Huawei MateBook 13 notebook a top choice for business travellers

Huawei MateBook 13 notebook a top choice for business travellers

Executive summary: Huawei’s MateBook 13 is an impressive and near-perfect notebook for business travellers  seeking a lightweight yet premium productivity workhorse for the office and the road.

It’s easy to think of Huawei’s MateBook 13 as a competitor to Apple’s MacBook. It’s also wrong.

Apple plays in its own ballpark, building on a vastly different OS and philosophy with an ecosystem which now extends from smartphones, tablets and watches to TVs, home speakers and in-car systems.

Instead, Huawei’s latest laptop squares off against a coterie of compact Windows laptops, particularly the Dell XPS 13 – and emerges as best of the bunch for business travellers seeking a lightweight productivity workhorse for the office and the road.

That’s especially true of the entry-level MateBook 13, which starts at $1,799 with Intel’s current  8th generation Core i5 processor coupled with 8Gb of RAM and a 256Gb solid-state drive. It’s a value-packed recipe that’ll suit 80% of people.

Need extra grunt on the go? $2,199 lands you a beefier Core i7 powerplant paired with an Nvidia MX150 graphics chip, giving you plenty of punch for photo and video editing plus other graphics-intensive apps.

This model also comes with a capacious 512GB drive, albeit the same 8GB of RAM, when 16GB would be a far better fit.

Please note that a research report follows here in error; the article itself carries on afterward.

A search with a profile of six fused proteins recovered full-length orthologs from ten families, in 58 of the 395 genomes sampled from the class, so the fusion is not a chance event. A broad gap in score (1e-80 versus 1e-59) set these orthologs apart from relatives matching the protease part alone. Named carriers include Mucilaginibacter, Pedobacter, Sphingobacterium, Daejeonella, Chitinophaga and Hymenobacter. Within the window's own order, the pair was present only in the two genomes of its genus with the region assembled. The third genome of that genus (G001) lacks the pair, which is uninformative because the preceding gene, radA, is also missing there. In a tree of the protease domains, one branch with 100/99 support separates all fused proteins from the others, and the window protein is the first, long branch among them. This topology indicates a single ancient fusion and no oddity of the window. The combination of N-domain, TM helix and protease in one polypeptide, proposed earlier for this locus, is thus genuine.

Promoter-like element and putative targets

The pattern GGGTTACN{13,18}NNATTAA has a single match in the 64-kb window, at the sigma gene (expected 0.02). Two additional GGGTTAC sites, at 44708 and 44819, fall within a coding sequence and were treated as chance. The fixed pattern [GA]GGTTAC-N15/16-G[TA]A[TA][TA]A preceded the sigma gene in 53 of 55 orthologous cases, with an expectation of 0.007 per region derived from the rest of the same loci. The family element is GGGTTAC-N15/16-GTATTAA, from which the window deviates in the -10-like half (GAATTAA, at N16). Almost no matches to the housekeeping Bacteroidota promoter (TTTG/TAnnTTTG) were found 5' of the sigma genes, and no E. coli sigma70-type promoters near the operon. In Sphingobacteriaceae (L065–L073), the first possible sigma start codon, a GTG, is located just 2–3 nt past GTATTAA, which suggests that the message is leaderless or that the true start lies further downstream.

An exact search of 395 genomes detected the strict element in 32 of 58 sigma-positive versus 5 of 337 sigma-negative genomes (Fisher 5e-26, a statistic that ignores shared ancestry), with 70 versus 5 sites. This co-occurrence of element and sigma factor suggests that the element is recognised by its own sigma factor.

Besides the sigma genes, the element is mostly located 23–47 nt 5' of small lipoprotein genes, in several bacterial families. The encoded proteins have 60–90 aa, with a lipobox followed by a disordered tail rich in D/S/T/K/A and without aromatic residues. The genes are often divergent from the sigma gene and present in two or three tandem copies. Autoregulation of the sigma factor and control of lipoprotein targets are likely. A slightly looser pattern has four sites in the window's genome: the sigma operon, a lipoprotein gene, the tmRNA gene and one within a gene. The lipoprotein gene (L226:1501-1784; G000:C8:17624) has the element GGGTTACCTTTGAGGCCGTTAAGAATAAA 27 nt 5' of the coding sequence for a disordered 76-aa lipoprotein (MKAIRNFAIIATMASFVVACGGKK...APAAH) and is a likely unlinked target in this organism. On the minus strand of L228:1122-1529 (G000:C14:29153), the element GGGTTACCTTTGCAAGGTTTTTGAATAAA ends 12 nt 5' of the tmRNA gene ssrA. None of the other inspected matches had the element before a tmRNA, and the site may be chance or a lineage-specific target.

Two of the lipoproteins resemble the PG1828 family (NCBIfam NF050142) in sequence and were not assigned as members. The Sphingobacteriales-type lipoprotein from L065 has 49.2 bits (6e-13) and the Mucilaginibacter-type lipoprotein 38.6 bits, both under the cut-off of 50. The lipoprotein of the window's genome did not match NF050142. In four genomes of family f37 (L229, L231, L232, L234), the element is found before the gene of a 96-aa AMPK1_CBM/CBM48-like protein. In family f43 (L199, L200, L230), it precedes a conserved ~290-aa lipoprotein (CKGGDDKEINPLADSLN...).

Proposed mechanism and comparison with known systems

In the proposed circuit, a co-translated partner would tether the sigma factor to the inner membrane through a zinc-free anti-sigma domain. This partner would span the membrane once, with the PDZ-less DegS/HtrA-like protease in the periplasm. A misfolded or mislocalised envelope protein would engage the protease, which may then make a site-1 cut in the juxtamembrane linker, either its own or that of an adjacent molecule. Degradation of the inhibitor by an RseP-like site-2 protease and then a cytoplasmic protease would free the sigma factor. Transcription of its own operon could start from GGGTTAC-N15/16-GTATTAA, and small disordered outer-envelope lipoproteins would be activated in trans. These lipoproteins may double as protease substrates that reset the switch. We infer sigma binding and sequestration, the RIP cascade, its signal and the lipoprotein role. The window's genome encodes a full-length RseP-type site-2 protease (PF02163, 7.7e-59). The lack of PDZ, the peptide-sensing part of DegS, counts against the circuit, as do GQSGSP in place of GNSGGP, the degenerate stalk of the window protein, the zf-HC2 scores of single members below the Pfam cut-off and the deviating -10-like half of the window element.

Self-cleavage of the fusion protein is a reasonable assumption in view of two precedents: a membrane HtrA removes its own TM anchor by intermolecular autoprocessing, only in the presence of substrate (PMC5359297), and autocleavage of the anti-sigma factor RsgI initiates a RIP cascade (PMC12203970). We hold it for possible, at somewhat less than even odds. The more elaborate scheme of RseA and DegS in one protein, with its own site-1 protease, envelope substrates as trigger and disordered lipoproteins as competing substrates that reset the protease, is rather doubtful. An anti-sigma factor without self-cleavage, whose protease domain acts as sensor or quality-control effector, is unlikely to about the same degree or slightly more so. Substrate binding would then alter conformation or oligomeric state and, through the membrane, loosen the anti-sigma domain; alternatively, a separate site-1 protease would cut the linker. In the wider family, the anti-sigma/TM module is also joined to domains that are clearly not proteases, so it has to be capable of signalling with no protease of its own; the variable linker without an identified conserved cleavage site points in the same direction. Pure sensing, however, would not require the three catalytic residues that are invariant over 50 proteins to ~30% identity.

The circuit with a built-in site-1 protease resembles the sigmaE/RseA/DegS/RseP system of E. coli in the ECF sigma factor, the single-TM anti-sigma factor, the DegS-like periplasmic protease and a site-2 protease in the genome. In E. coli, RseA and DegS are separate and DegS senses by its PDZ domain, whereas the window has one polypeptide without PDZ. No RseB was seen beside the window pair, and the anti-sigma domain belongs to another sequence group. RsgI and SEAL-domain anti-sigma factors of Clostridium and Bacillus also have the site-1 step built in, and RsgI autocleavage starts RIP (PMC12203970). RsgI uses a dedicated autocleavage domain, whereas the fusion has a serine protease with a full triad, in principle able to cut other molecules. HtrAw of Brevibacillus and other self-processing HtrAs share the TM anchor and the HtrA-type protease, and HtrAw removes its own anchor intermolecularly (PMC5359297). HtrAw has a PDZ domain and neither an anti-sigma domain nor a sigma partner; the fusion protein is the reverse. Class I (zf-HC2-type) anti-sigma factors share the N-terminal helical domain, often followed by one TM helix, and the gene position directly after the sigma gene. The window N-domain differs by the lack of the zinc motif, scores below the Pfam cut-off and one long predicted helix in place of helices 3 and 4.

Note that the MateBook 13’s Intel chips are the full-throttle four-core versions, not the reduced-speed two-core versions used by some slim notebooks, so there’s added performance on tap.

The downside is mid-range battery life. Huawei reckons the MateBook 13 is good for 10 hours of HD video playback, however a better real-world metric is ‘WiFi working’, which I’d estimate at six to seven hours (the parsimonious Core i5 model will enjoy a bit more time per tank than the pumped-up Core i7).

While not ‘all day battery life’, that remains sufficient for everyone bar the most hardcore road warriors, and is bolstered by rapid-charge tech which adds 2.5 hours to the tank with just 15 minutes hooked up to an AC socket.

Back to basics

Slip the MateBook 13 out from your laptop bag and yes, it does looks very much like a MacBook.

Measuring a mere 1.5cm at the waist and 1.3kg on the scales, and clad in a matte aluminium chassis in your choice of Apple-esque silver or grey, you could close the lid, cover the Huawei logo and most people would assume it’s a MacBook.

Having aped Apple’s sharp style, clean lines and pared-back design, the MateBook 13 isn’t as adventurous as some of the latest from the likes of HP and Microsoft, but what you’ve got here is the essence of a modern laptop distilled into its purest no-frills form.

And it’s a form which follows function: a wide sensitive trackpad, a solid keyboard that’s crisply responsive, comfortable yet very quiet, and a combo power-fingerprint button which works like a charm.

The end result is that you can just open the MateBook 13 and get straight down to work.

Thinking differently...